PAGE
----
I know… yawn.
It’s an old, boring book you were forced to read in high school, written by some bloviating crank in old clothes prattling on about ants, swamps, and the howling winds of winter. I get it.
Walden can be a bit of a slog to get through at times, but Henry David Thoreau’s view of the world just may be the perfect antidote if you’re looking to make sense of today’s hyper-connected, fast-paced, complex world.
This month marks the 160th anniversary of the first publication of Walden.
Thoreau finished his first draft in 1847, and over the next six years made six more drafts before the book was published by Tichnor & Field in 1854. Walden received mostly positive reviews, and nearly all of the initial printing of 2,000 books were sold within the first year.
After the first printing of the book sold out, the publishers let it go out of print. Thoreau hoped for another printing, but Tichnor & Fields did not publish Walden again until after Henry’s death in 1862. Since then, it has remained in continuous print and is still used in classrooms throughout the world. Today, a first edition Tichnor & Fields copy of Walden is worth over $30,000.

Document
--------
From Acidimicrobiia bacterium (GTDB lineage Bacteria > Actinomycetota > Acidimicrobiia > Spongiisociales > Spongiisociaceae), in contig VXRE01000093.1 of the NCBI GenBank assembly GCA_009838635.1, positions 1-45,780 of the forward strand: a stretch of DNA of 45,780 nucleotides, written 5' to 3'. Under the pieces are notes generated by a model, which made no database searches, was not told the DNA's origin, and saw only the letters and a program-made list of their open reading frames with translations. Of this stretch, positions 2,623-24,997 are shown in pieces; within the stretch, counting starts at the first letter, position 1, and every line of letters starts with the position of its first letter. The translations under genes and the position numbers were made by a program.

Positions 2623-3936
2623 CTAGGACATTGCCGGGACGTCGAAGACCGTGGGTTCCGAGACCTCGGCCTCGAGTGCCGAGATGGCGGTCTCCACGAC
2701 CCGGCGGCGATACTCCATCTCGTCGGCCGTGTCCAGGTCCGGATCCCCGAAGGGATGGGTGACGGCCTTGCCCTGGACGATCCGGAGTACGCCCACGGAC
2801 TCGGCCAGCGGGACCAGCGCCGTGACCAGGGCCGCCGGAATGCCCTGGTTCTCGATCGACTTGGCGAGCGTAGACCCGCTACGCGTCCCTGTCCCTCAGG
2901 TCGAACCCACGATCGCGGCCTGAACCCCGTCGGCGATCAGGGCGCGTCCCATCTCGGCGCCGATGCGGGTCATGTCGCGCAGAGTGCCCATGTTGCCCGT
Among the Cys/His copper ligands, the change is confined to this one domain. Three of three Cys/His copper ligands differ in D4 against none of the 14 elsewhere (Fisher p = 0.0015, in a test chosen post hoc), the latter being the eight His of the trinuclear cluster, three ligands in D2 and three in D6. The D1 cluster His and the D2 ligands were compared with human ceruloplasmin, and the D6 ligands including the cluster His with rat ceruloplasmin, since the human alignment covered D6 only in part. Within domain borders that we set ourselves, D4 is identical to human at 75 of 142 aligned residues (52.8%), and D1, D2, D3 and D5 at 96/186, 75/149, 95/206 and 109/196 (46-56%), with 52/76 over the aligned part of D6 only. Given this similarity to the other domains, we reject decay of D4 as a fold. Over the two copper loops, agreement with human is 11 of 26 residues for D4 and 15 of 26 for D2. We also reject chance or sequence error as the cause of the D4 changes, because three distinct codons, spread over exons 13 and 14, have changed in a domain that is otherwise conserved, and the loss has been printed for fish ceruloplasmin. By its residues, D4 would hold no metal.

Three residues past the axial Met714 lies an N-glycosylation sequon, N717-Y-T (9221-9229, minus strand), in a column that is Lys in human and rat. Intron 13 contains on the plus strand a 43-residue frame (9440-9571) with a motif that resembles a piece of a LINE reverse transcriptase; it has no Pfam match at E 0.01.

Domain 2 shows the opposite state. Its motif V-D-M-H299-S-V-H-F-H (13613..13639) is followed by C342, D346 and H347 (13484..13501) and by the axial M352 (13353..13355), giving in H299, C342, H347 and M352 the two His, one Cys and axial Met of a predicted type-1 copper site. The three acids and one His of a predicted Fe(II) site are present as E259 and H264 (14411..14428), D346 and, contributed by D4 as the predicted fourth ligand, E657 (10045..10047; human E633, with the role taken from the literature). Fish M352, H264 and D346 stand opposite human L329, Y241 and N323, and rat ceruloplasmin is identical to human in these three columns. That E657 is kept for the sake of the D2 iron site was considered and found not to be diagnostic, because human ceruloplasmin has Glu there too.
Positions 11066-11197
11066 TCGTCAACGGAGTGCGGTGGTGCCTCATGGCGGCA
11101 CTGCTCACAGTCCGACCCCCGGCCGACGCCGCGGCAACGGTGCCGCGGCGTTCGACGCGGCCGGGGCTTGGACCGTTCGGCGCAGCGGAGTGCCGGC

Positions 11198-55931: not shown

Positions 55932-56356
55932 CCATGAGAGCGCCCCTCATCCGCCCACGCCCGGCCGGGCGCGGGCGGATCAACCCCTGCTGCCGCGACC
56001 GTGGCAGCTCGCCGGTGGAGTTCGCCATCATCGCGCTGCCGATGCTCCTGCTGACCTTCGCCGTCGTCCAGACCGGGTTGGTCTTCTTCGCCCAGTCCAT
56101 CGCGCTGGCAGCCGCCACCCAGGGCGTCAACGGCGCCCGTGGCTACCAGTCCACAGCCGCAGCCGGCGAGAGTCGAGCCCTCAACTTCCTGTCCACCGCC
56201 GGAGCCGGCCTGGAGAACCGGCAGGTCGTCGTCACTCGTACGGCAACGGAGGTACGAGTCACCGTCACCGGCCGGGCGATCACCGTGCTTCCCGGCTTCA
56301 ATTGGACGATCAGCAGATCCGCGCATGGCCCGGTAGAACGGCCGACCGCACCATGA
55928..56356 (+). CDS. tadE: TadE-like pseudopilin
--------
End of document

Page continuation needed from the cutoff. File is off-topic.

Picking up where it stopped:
A few years back I started collecting different editions of the book and, to date, have accumulated over 130 unique editions. Hello eBay!
Last year I pulled together cover images and publication data of the different editions as well as the full-text of the book and created the online web site waldenthebook.com as a repository of information about Walden.
What will you get from Walden, you ask? It is both an account of Thoreau’s two-year stay at a small cabin he built himself on the shores of Walden Pond near Concord, MA and a window into his philosophy of living. For me, the main five takeaways are:
- Divinity of nature
- Deliberate solitude
So, forget about high school… no pop quizzes or book reports required. Give Walden another shot!